Lori Houston: Yes, in most circumstances, including here, if the City did not see a more appropriate approach with a cooperating property owner. While the City’s contribution to this project was structured as a loan in 1995, the City’s primary goal was to have the program objectives met, which are affordable housing for low-income seniors. The City’s lien was an enforcement tool to ensure that result. The 1995 loan was structured with principal repayments (without interest); however, it was not uncommon for City support for these projects to be structured with repayment to the City only from available cash flow.

RR: Why would the City agree to extend the loan repayment? Are there no other viable options for the City?

LH: The City’s funding in 1995 was to facilitate the program objectives of affordable housing for low-income seniors. Those objectives were and continue to be achieved by the building owner. At loan maturity, which only recently occurred, the City did have the option of foreclosing, but the foreclosure process would require the property to go to public auction and there was a risk of possibly having a new owner evict low-income seniors. We also had the option to sell its loan, with the same likely result. Those options remain if the building owner is unable to obtain the necessary financing for its efforts to renovate the building and continue to provide affordable housing to low-income tenants for the next 15 years. The City views these program objectives as highly beneficial.

RR: What is the timeline for the loan’s repayment?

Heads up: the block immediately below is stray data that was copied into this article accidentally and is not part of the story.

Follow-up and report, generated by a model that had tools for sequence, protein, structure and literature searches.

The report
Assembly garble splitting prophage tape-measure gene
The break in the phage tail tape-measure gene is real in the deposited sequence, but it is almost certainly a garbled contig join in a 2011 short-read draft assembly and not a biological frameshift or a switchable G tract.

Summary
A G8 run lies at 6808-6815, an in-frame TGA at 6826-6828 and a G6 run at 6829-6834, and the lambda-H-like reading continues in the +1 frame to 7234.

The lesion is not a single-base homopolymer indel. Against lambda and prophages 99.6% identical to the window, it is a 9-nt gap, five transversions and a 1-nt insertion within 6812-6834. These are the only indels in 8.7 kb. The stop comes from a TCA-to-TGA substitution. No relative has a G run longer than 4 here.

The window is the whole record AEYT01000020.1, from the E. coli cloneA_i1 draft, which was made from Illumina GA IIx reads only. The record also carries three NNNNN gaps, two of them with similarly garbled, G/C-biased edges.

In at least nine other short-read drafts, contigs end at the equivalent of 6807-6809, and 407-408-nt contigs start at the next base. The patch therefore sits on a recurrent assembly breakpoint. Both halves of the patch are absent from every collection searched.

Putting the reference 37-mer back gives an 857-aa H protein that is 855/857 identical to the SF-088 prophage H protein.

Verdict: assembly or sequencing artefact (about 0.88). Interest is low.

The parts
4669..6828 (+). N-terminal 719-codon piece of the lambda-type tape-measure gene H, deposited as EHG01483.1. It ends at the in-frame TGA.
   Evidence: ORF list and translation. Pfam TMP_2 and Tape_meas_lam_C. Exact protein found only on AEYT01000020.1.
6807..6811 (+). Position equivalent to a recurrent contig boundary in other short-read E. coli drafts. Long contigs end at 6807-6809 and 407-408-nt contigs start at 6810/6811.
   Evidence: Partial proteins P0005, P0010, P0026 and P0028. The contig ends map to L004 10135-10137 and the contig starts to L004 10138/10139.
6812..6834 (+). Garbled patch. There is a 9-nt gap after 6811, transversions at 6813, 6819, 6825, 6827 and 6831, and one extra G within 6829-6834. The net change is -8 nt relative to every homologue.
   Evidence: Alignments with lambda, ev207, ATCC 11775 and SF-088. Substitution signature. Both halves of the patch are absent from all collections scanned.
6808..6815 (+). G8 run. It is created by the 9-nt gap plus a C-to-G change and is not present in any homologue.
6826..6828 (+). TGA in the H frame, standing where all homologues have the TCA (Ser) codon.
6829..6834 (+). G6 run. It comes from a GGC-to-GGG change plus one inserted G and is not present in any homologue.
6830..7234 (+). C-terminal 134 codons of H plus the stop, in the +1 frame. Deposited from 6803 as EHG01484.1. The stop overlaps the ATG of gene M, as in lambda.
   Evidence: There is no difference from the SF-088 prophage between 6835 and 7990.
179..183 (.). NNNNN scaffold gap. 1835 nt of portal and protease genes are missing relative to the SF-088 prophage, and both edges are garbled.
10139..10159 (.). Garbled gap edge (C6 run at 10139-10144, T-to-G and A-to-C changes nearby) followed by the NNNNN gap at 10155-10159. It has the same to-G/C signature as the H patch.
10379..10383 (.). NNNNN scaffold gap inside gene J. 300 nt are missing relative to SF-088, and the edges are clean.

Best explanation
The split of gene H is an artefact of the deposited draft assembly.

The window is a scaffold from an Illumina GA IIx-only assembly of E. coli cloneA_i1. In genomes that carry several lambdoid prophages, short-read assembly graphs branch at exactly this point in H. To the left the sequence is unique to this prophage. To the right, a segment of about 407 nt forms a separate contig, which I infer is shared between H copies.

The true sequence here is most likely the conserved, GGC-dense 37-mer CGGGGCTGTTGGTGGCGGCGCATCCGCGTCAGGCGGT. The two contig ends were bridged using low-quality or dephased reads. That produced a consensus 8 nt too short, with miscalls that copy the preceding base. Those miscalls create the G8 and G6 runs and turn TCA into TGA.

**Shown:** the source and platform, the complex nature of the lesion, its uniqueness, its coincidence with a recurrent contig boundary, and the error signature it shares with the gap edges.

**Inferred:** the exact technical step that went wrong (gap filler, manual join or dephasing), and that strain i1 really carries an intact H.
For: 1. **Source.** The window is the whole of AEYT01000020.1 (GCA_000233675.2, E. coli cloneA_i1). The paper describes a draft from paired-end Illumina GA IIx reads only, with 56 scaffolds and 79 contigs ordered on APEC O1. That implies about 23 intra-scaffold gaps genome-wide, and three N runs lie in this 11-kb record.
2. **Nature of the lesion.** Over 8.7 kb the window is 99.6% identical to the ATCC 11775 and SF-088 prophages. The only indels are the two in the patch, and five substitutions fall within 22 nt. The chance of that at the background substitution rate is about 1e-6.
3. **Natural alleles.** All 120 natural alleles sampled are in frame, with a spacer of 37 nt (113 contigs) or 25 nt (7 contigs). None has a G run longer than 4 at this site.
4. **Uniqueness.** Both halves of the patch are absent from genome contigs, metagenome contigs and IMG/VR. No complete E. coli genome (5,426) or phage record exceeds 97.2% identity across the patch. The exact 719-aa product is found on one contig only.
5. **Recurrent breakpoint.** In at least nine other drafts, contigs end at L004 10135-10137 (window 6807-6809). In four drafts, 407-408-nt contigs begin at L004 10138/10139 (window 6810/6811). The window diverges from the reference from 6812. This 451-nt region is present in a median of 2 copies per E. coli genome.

LH: The proposal is that the City’s modified loan would be repaid only from available cash flow, if the program objectives are again achieved and maintained for the required time period. Otherwise, the property owner would be in default and the City could foreclose its lien.

RR: Wouldn’t the City be able to market the property to responsible buyers?

LH: Like any lender that holds a deed of trust lien on real property, the City would have to conduct a public foreclosure sale that complies with the Texas Property Code. Texas statutes require a public auction sale, and the City could not select the buyer or enter into any agreements that would restrict or limit the public nature of the foreclosure sale.

RR: Delaying the loan payback if certain terms are met seems to set a precedent for future circumstances in which the City could be at a disadvantage. What would you say to that?

LH: The proposal is that the City will modify and extend its existing loan if the property owner is able to achieve project rehabilitation and continue to provide affording housing for low-income tenants. That is the only precedent being set, i.e. if the borrower can deliver tangible results, which are beneficial to the City, the City will cooperate in helping the borrower achieve those results.

Top image: The Hotel Robert E. Lee building commonly known as Robert E. Lee Apartments at 111 W. Travis St.  Photo by Scott Ball. 


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Sarah Talaat

Former Rivard Report intern Sarah Talaat graduated from The University of Texas at Austin in May 2016. You can find her in Beijing, China where she is pursuing a business journalism master's at Tsinghua...